She hoped for this 'proof' to be discovered after her death, and so wrote to Bodley to will her body to science (specifically to the Woman's Hospital of Philadelphia). She apparently carried on a brief correspondence with Bodley (the file contained two letters, in addition to the 'will' reproduced here with identifying information redacted – just in case).

What is not clear is what happened after this correspondence; did she write the letters suspecting that she was dying, or did she live on for many years beyond that? She does give directions on how the situation is to be handled if she outlives the physicians she has selected to handle her case (in addition to Dr. Mills, she mentions Dr. Anna Broomall and Dr. Hannah T. Croasdale, both WMC professors).

It's possible the answers lie elsewhere in the collection or perhaps in Nymphomania: A History by Carol Groneman (in which she recounts the case in some detail – it would be nice if we had it in the library here!). In any case, what started off as mild amusement at a glance at the will led to a deeper curiosity about what happened to the unfortunate Patient – did she remain a resident of the Women's Nervous Wards at Philadelphia Hospital? Did she die shortly after writing the letters? Or was she eventually released and lost to history?

We'd love to know - in the meantime, here is a link to a PDF of the complete will.

Wednesday, April 1, 2009

From the Collections: The Sporting Life

It seems appropriate at this time of year to consider the role sports played in the lives of Woman's Medical College students, particularly in the late 19th and early 20th centuries. While a number of options were available over time, the one that seemed most popular throughout the years was basketball.

1913-1914 WMC basketball team, l to r: Helen Houser, 1915; Anna Taylor, 1915; Regina Downie, 1914; Lora Dyer, 1914; Myrtle Jane Hinkhouse, 1914

Indeed, although a gymnasium was established in the 1880s and fencing made its mark as the first official athletic club in 1898, nothing seemed to hold the attention of the student body quite as emphatically as basketball.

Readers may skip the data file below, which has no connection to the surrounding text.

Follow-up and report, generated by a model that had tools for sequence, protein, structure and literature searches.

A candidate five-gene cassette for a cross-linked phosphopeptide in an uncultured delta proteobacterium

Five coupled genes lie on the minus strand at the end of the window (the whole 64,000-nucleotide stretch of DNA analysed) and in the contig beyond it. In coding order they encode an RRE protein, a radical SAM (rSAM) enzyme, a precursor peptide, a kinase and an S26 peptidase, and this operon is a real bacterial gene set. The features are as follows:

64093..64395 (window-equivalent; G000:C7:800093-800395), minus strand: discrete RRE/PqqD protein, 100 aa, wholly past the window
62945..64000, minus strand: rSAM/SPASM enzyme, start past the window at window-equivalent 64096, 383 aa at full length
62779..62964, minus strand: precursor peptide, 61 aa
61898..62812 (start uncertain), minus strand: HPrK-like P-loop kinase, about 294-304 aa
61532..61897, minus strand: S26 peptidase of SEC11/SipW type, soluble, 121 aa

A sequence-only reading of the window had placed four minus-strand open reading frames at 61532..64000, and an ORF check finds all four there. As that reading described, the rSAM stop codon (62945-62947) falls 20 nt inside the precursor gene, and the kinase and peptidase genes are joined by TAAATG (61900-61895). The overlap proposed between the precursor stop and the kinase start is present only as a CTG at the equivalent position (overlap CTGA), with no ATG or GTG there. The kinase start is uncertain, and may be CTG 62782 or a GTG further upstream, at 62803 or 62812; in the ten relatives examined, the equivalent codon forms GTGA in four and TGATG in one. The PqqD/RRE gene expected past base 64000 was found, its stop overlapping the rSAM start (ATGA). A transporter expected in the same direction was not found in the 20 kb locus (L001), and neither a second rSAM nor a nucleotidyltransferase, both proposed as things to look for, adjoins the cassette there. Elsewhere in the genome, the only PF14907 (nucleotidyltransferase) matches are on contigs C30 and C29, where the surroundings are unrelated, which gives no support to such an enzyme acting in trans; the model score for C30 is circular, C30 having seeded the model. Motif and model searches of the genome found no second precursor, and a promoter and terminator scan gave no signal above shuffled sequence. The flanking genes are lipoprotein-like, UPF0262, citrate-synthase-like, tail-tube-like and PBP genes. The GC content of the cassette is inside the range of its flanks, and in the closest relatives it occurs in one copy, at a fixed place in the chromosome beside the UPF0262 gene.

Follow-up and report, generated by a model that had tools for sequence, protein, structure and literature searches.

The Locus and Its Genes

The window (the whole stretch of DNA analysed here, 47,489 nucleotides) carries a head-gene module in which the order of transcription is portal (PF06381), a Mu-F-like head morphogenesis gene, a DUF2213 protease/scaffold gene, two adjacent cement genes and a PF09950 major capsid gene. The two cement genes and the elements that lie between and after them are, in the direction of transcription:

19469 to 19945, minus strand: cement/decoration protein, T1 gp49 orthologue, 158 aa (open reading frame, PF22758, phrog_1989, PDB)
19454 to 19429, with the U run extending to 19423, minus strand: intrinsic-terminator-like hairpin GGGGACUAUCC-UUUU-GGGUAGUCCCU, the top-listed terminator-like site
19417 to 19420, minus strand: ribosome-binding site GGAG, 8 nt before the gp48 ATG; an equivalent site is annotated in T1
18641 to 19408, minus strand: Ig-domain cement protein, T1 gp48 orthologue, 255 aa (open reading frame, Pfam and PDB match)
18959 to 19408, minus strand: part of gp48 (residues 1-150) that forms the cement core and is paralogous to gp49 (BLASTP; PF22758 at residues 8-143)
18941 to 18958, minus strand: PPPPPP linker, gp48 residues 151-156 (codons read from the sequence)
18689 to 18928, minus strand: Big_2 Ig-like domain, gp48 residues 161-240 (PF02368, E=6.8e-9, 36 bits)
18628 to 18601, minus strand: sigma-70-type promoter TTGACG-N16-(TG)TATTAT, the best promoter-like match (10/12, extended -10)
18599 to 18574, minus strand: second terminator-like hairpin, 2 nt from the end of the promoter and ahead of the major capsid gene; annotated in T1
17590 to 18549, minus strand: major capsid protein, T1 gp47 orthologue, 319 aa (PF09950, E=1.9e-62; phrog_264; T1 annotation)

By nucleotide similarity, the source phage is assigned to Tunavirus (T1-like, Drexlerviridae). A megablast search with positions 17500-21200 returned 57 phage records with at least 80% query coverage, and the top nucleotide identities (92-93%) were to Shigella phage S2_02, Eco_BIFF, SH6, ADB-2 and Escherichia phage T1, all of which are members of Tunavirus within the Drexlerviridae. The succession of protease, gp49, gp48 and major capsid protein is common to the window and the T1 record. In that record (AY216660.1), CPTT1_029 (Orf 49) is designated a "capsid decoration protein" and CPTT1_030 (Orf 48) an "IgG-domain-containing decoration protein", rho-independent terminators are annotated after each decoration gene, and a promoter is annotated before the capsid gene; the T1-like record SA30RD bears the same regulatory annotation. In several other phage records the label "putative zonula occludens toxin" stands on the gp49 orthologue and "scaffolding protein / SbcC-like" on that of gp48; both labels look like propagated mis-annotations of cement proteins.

Frank Leslie's Illustrated Newspaper, April 7, 1888

L to R: Florence Richards & Ella Grim, class of 1899

The sport is mentioned frequently in student publications, especially in the 19-teens. There are complaints:
"There's a really fine gymnasium going almost to waste in connection with our college."

"We ought to have a good sized class for an hour, two days a week. A half hour of light exercise, Sweedish [sic] drill perhaps, and then a half hour of basketball."

- The Esculapian, Vol. II, No. 5, p. 8 (April 1913)
There are more subtle suggestions:
Basket Ball.
"At the College there is a good gymnasium, fine dressing rooms, and shower baths. If you are not able to play, show your College spirit by attending the games and encouraging those who do."

- Student Handbook, 1909

There are explanations of just what's so great about basketball, anyway:
"The basket-ball teams will be organized in the near future. It is earnestly desired by those who played last year that every girl who possibly can, will seek this form of recreation. It is an opportunity not only for good, healthy exercise and mental relaxation, but one for meeting members of the different classes in a social way."

- The Esculapian, Vol. II, No. 1, p.8 (October 1910)
And there was even a little bragging; not only had the 1912-1913 WMC team defeated the YWCA team 47-11, they'd even made enough money on admissions to buy a new basketball.

Poor tennis was left in the dust!